This drumbeat grew louder and the mere presence of pain soon became anathema. Ultimately, both the Veterans Administration and Joint Commission pushed to make pain assessment a “fifth vital sign.” Soon, pain relief became an obsession with hospitals and physicians seeking to improve their patient satisfaction scores. As a consequence of this “pain revolution” opioid prescriptions exploded, peaking at 206 million in 2011.1 Helping to fuel this fire were busy primary care physicians who were bearing the burden of seeing these often-complex patients while being driven to churn patients by the introduction of managed care. So-called “pill mills” also proliferated, particularly in Ohio and the “Rust Belt,” many with unscrupulous owners offering little more than a prescription pad. The ultimate irony of this iatrogenic crisis is that there never was real evidence of the long-term efficacy of opioids for chronic pain because tolerance occurs so quickly, but there was abundant evidence of harms including OUD, fractures, myocardial infarction, and sexual dysfunction.6

    Marketing of OxyContin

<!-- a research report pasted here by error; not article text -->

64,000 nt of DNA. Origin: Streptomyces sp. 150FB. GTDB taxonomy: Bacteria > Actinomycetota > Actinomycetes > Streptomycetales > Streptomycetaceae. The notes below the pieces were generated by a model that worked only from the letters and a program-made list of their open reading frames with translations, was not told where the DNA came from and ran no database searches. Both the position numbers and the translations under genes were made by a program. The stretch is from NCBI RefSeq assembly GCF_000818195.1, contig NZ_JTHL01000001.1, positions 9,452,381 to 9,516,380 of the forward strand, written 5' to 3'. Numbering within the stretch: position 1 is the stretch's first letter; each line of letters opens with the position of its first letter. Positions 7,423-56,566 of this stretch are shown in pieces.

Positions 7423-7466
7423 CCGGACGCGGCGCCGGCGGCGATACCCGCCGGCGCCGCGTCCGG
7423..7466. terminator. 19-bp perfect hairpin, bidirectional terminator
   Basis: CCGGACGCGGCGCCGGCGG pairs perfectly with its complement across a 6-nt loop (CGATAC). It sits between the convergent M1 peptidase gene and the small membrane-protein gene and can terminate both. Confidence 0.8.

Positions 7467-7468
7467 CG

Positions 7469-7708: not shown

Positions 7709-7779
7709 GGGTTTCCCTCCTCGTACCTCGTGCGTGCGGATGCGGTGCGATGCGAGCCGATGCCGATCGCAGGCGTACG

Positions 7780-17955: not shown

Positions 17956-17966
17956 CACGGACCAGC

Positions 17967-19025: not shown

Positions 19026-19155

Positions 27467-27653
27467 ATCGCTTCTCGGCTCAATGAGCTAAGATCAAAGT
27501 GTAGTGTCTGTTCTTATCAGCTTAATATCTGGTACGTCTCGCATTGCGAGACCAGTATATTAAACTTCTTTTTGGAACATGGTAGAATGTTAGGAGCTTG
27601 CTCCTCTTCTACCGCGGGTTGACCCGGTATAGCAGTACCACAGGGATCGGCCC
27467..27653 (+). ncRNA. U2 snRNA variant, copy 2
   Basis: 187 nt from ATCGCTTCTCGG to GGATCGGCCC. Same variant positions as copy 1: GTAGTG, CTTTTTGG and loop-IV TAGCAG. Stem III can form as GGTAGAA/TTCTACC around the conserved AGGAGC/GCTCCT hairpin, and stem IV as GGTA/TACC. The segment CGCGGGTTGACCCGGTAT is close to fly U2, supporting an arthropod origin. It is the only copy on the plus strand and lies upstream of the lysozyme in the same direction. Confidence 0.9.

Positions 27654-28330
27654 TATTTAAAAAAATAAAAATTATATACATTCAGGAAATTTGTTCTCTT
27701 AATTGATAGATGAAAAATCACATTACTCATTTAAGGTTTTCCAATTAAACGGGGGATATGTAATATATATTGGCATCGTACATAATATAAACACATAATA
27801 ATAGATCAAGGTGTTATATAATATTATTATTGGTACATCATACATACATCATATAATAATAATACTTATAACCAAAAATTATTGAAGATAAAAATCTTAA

In 1996, early on in the “pain revolution,” Purdue Pharma marketed its sustained-release opioid, OxyContin. Quinones contends that the company was legitimately convinced that its sustained-release formulation and attendant stable blood levels would greatly reduce the peaks and troughs of narcotic levels that fuel addiction.3   This tenuous theory formed the basis for an extraordinary marketing campaign that highlighted some of the worst abuses of physician office “detailing” and conflicts of interest in continuing medical education (CME) programs that occurred before implementation of the 2002 PhRMA Code on Interactions with Healthcare Professionals. Purdue funded pain conferences at resorts, employed a bevy of paid speakers, flooded doctors’ offices with gift-bearing salesmen, and funded so-called patient support groups.7 Sales personnel were even trained to quote the Porter and Jick “study.”

    Not surprisingly, OxyContin prescriptions soared from 670,000 in 1997 to 6.2 million in 2002.3 Between 2000 and 2010, oxycodone sales increased 287.3% and oxycodone accounted for the largest volume of opioids sold in the United States, with prescriptions accelerating further after 2005.8 As sales soared, so did the bonuses of Purdue salesmen and opioid overdose deaths, since OxyContin’s abuse potential proved as high as other opioids.1,3 This combination of increasingly lenient opioid prescribing practices and mass marketing of this potent opioid certainly accelerated the crisis, but there were other factors as well.

    NEXT: Hillbilly Elegy meets the OxyContin economy

    Charles J. Lockwood, MD, MHCM
    Dr. Lockwood, Editor-in-Chief, is Dean of the Morsani College of Medicine and Senior Vice President of USF Health, University of South ...